It is often said a cup of tea cures all ills. Now, a study has shown that the world's favourite hot beverage could be linked to a lower risk of mortality.
People in the UK who consumed two or more cups of black tea per day were found to have a significantly lower risk of death compared to non-tea drinkers, researchers said.
They found people who consumed the drink appeared to have a beneficial effect on mortality, regardless of whether participants also consumed coffee.
The effect still stood even when milk and sugar was added.
Previous studies suggested a modest inverse association for tea drinking and mortality, which has largely been seen in populations where green tea drinking is common, such as in China and Japan, wrote the authors of the study, which was published in the Annals of Internal Medicine.
“In contrast, published studies in populations where black tea drinking is more common are limited, with inconsistent findings.”
To address the gap, the authors investigated the association of tea consumption with mortality in Britain, where the consumption of black tea is common.
They examined a database containing the health records of about half a million people in the UK, collected over a four-year period between 2006 and 2010.
In total, 85 per cent of people involved in the study said they were tea drinkers, and of them, 89 per cent said they drank black tea.
Almost a third, 29 per cent, said they drank two to three cups a day, about a quarter said they drank four to five cups and 12 per cent said they drank six to seven cups.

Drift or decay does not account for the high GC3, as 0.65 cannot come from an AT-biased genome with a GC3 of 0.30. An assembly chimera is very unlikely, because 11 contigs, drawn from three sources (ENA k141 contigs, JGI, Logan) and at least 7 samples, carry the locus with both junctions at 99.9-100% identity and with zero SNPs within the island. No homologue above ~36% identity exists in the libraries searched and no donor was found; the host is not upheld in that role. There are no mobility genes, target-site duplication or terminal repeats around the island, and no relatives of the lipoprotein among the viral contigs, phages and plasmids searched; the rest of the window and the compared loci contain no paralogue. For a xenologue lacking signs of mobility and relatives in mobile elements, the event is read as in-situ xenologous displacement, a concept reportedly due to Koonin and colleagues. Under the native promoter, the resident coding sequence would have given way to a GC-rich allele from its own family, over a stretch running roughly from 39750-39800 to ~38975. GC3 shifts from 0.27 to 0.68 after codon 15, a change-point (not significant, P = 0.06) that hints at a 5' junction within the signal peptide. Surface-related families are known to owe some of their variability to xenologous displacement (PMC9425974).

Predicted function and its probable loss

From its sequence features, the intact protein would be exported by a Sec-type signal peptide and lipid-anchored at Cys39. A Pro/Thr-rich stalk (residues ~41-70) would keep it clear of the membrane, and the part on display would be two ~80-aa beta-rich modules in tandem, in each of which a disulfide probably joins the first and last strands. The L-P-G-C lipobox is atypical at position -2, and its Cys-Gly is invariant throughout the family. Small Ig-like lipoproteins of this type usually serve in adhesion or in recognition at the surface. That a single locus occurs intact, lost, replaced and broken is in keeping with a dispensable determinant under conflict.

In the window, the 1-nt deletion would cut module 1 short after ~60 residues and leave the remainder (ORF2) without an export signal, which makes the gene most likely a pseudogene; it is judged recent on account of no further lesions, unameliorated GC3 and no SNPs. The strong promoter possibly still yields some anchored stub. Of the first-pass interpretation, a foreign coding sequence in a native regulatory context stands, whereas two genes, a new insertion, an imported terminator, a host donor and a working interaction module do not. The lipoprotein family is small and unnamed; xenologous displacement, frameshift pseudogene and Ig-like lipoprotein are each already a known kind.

“Relative to non — tea drinkers, participants who reported drinking two or more cups each day had a 9 per cent to 12 per cent lower risk for mortality,” the study said.
Among those who filled out a survey on how they took their tea, 74 per cent and 13 per cent of tea drinkers reported adding milk and sugar, respectively.
Tea drinking had a beneficial effect on mortality regardless of whether participants added milk and sugar, wrote the authors.
"Higher tea intake was associated with lower mortality risk among people who added milk," Dr. Maki Inoue-Choi, division of Cancer Epidemiology and Genetics, National Cancer Institute told The National.
"We saw a generally similar association among people who didn’t add milk up to 4-5 cups of tea per day. There are no association above that level, although fewer participants drank high amounts of tea without milk.
"The added amount of milk and sugar to tea on average is small and does not appear to alter the main finding that higher tea intake is associated with lower mortality risk. Nevertheless, we caution that dietary guidelines recommend avoiding large amounts of fat and added sugar."
The researchers said the findings of the study suggest tea drinking may be associated with “modestly lower mortality in a population in which black tea drinking is common”.
“The study cannot definitively prove that tea drinking directly reduced the risk for death during the follow-up period. However, these findings provide reassurance to tea drinkers and suggest that black tea can be part of a healthy diet.”
Tea is the most consumed drink in the world, after water, the UN Food and Agriculture Organisation reported.
In the UK, which is ranked third globally for tea consumption after Turkey and Ireland, about 100 million cups are drunk each day.
Black tea, which is made from the leaves of the Camellia sinensis bush, is stronger in flavour and contains more caffeine than other teas, but still less than coffee. It is also the world's most popular tea.
Its antioxidants and compounds could help reduce inflammation and blood pressure, lower bad cholesterol, and improve gut and heart health.
Previous studies have found it is linked to a reduced risk of stroke and dementia.
Researchers believe its properties may also help lower blood sugar following a meal or snack and reduce the risk of cancer.
It is thought antigens contained in the tea may even boost the immune response, helping to protect against illness.
However, studies have also linked tea and coffee consumption to an increased risk of oesophageal cancer.
It is believed hot drinks can destroy the inner lining of the oesophagus, causing the cells to continually regenerate, which creates a greater chance of errors that could turn cells cancerous.